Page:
The Labour MP for Wigan, Lisa Nandy, tweeted: “Today outside Parliament I and others were accosted by people shouting f****** traitor as we tried to get in to vote. Our staff were advised to leave the building for their own safety. There were armed police everywhere. This is not normal”
But Westminster Council said the Metropolitan Police had “appropriate policing plans in place”.
Scotland Yard said: “We will always provide a proportionate policing plan to balance the right to peaceful protest, while ensuring that disruption to communities is kept to a minimum.”
6.39pm: The pound drops after the third rejection
The British pound, which has been buoyed in recent weeks by hopes that the likelihood of an abrupt ‘no-deal’ is receding, fell half a percent after May lost, to as low as $ 1.2977, but then recovered some of its losses.
Salman Ahmed, global investment strategist at Lombard Odier Investment Managers said: “If the deadline is extended longer, we will re-engage with sterling because that will be the start of the slow death of.”
6.10pm: Europe reacts to the deal being rejected
French President Emmanuel Macron, speaking as parliament voted, said the EU needed to accelerate no-deal planning.
Austrian Chancellor Sebastian Kurz said that unless Britain came up with a plan, there would be a “hard” Brexit.
Meanwhile, Dutch Prime Minister Mark Rutte told reporters: “The risk of a no-deal Brexit is very real.”
5.46pm: Theresa May hints that Britain is heading for a third general election election in four years
After her plan was defeated by 344 votes to 286, Mrs May told MPs: “I fear we are reaching the limits of this process in this House.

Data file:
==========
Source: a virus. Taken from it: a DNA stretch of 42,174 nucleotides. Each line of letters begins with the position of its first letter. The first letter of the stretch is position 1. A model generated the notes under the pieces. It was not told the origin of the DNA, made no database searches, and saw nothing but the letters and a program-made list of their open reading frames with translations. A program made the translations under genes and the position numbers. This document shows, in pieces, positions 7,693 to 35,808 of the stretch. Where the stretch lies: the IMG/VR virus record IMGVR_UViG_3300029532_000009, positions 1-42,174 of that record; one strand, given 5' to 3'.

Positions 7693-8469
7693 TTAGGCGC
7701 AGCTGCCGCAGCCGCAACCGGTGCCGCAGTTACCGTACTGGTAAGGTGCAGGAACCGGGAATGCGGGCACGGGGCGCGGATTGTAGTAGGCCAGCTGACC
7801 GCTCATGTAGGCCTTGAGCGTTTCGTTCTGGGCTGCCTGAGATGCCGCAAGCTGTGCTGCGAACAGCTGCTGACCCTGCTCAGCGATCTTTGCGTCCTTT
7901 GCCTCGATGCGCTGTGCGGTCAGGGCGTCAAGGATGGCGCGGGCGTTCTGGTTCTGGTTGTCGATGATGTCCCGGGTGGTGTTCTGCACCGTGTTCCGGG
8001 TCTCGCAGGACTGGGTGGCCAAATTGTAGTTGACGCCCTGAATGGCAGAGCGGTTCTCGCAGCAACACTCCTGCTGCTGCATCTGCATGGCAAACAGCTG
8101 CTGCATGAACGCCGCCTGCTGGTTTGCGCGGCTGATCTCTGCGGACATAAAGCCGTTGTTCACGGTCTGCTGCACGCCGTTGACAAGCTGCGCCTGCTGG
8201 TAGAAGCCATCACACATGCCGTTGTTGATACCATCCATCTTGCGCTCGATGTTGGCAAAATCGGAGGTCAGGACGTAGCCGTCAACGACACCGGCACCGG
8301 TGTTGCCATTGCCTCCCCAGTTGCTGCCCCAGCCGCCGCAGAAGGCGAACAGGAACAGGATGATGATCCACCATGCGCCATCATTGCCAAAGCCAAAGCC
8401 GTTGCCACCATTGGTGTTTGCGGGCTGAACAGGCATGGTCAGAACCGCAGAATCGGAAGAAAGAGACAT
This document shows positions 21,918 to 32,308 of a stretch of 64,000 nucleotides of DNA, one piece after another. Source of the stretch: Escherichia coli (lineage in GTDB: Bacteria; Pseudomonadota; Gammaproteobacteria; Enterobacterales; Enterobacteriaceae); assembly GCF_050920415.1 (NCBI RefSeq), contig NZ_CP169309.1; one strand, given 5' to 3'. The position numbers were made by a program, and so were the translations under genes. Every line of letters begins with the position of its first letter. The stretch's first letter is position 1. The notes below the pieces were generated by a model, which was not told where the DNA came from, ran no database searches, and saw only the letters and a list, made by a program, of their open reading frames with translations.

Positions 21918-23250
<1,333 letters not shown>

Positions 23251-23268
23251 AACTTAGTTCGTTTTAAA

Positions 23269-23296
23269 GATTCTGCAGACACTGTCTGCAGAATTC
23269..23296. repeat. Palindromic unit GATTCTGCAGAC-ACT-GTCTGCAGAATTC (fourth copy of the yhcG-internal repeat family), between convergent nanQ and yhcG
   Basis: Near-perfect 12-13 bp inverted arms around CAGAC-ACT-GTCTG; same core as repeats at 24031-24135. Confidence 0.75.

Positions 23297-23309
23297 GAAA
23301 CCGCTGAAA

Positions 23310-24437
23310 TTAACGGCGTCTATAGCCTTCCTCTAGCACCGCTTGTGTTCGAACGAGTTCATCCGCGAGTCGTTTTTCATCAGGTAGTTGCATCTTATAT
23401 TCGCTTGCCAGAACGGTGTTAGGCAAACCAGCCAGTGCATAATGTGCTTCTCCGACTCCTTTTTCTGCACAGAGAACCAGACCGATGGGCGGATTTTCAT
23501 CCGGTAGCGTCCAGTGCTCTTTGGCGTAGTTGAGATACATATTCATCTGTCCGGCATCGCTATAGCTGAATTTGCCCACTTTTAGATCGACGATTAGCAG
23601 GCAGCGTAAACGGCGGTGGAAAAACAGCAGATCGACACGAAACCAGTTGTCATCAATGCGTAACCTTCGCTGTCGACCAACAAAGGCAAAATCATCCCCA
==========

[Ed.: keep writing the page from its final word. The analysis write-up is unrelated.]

“This House has rejected no deal. It has rejected no Brexit. On Wednesday it rejected all the variations of the deal on the table.
“And today it has rejected approving the withdrawal agreement alone and continuing a process on the future.
5.15pm: Thoughts now turn to the upcoming EU elections
The Independent Group is preparing to become a political party to stand in the EU elections in May should the UK have failed to leave the EU.
The cluster of MPs have confirmed they are seeking to form a new party called “Change UK – The Independent Group” in the coming weeks.
Elections to the European Union Parliament will take place at the end of May, with nominations for MEP candidates closing on April 24.
Former Conservative MP Heidi Allen has been appointed interim leader until a permanent leader is selected at a launch in September.
Brexit live: The police were out in force as protestors descended on Whitehall
Brexit live: Protests were taking place as rejected Prime Minister Theresa May’s Brexit deal
4.45pm update: Theresa May is not giving up on her deal anytime soon
Downing Street said that despite the Government losing the vote, it was still not an “inevitability” that the UK would have to take part in elections to the European Parliament in May.
“Clearly it was not the result we wanted. But, that said, we have had a number of senior Conservative colleagues who have felt able to vote with the Government today. They have done so in higher numbers than previously,” the source said.
“Clearly there is more work to do. We are at least going in the right direction.”
4.02pm update: Protestors in Westminster react to news of the deal being rejected AGAIN
Alan Shorter, 68, was in Parliament Square this afternoon wearing a Leave Means Leave T-shirt and brandishing a flag.
When the Press Association told him the outcome of the vote, he said: “I didn’t expect anything else. This is only the beginning of the fight, but we are not going to leave. I know that.”
He said the best outcome would be a general election to get more pro-Brexit MPs into Parliament.